The opinion of the court was delivered by: WEBER
This action, seeking money damages and injunctive relief, is based on the Civil Rights Act of 1964, 42 U.S.C. § 2000e et seq. Plaintiff claims that defendants unlawfully discriminated against him on the basis of his national origin. Presently before the Court are separate motions by each of the defendants seeking dismissal of the action for lack of subject matter jurisdiction.
On numerous occasions during plaintiff's layoff, plaintiff complained to defendant Local No. 6 that defendant Joseph Horne Company was discriminating against him and hiring those with less seniority. Plaintiff claims that despite his grievances, defendant Local No. 6 permitted Joseph Horne Company to continue its discriminatory practice by hiring individuals with less seniority than plaintiff. Plaintiff alleges that the local's actions were not in good faith but were also discriminatory in nature and motivated by animosity toward the plaintiff, resulting from a collusive understanding between the two defendants. Consequently, plaintiff claims that Local No. 6 breached its duty of fair representation owed to the plaintiff.
On September 1, 1972, plaintiff filed a written charge with the Equal Employment Opportunity Commission (EEOC) claiming that Joseph Horne Company wrongfully terminated his employment. On October 5, 1973, the EEOC found reasonable cause to believe that the charge was true and issued a letter of determination to that effect. On November 14, 1974, the EEOC district director wrote plaintiff advising him
". . . that after careful review, the Commission has decided not to initiate litigation against the Respondent named in your charge.
If you want to pursue your charge further you have the right to sue the Respondent named in your case in the United States District Court in which you live.
In order to proceed in this matter you must make a written request for a Notice of Right to Sue from this office. You must file your action with the United States District Court within ninety (90) days of your receipt of the notice of Right to Sue."
On December 4, 1974, counsel for plaintiff wrote the EEOC requesting a "Notice of Right to Sue" letter. On December 6, 1974, the EEOC issued such letter, the contents of which read, inter alia :
"Pursuant to Section 706F(1) of Title VII of the Civil Rights Act of 1964. . . ., you are hereby notified that you may, within ninety (90) days of the receipt of this communication, institute a civil action in the appropriate Federal District Court."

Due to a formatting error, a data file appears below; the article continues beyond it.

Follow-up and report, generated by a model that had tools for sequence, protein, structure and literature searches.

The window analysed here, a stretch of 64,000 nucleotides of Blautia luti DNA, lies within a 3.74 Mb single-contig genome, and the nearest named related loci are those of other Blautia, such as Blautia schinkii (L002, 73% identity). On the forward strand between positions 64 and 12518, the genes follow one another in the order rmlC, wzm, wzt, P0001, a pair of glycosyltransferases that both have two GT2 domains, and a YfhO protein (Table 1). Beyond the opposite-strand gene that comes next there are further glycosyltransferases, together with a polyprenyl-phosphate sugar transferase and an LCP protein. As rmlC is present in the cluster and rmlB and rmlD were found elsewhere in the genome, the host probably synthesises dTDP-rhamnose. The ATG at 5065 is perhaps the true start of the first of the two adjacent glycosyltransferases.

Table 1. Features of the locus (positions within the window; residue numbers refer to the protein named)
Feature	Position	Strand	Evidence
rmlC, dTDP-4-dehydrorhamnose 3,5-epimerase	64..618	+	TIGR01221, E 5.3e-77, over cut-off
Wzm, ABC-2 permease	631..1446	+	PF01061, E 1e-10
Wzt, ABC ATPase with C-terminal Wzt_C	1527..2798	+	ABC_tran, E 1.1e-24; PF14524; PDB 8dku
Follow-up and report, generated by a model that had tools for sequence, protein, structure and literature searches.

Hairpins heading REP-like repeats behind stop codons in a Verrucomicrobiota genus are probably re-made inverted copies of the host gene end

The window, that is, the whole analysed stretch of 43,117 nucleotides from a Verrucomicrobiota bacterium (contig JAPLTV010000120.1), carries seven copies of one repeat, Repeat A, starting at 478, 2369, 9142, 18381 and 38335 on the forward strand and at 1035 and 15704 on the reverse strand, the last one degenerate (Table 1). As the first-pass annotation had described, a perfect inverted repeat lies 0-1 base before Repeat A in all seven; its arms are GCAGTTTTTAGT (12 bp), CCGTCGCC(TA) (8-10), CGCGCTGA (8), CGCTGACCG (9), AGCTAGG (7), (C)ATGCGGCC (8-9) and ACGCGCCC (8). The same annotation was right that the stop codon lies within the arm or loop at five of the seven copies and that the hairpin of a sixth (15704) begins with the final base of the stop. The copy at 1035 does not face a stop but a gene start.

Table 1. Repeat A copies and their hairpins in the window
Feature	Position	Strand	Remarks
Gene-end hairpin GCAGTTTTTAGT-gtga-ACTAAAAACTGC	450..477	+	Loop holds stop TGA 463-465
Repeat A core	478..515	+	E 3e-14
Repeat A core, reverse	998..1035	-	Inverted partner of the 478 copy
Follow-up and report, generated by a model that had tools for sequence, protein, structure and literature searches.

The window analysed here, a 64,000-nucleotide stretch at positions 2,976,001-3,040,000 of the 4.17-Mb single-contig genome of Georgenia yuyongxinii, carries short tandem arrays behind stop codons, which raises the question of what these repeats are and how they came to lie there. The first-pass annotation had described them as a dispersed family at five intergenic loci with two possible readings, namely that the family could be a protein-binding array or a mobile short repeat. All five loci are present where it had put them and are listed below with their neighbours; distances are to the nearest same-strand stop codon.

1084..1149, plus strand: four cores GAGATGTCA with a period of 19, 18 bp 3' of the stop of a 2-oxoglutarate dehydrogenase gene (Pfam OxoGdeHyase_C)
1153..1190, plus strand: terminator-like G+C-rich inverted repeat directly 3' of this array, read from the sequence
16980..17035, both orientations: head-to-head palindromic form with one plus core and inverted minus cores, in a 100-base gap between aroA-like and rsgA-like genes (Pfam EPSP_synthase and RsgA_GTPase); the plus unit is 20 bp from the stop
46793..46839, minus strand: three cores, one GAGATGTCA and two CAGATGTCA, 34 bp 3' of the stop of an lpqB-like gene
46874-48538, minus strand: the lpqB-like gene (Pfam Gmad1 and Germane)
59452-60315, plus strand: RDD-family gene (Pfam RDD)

On March 6, 1975, the Complaint in this action was filed.
The substance of defendants' Motions to Dismiss is that this Court lacks subject matter jurisdiction since the Complaint is untimely, the 90 day limitation period under § 706(f)(1) of the Act, 42 U.S.C. § 2000e-5(f)(1), beginning to run on November 14, 1974, when the EEOC first notified plaintiff that it had decided not to institute litigation.
Accordingly, defendants contend that plaintiff should have filed his Complaint on or before February 2, 1975, instead of March 6, 1975. In any event, Joseph Horne Co. claims that even if the 90 day limitation period began to run on December 6, 1974, plaintiff's action is untimely since the period between December 6, 1974, and March 6, 1975, totals 91 days and therefore the action is still time barred.
Initially, it must be noted that defendant Joseph Horne Company's alternate ground for dismissing plaintiff's Complaint must be denied. The time period between December 6, 1974, and March 6, 1975, totals 90 days and therefore plaintiff's Complaint is timely. In computing the elapsed time the first day is omitted and the last counted. Allowing a day for travel through the mail, as we must since notice is not effective until receipt, the timeliness of the action cannot be disputed.
Failure to comply with the 90 day limitation period is cause for dismissal because it is a jurisdictional prerequisite under Title VII. Hinton v. CPC International Inc., 520 F.2d 1312 [8th Cir. 1975]. Such failure deprives a federal district court of subject matter jurisdiction. DeMatteis v. ...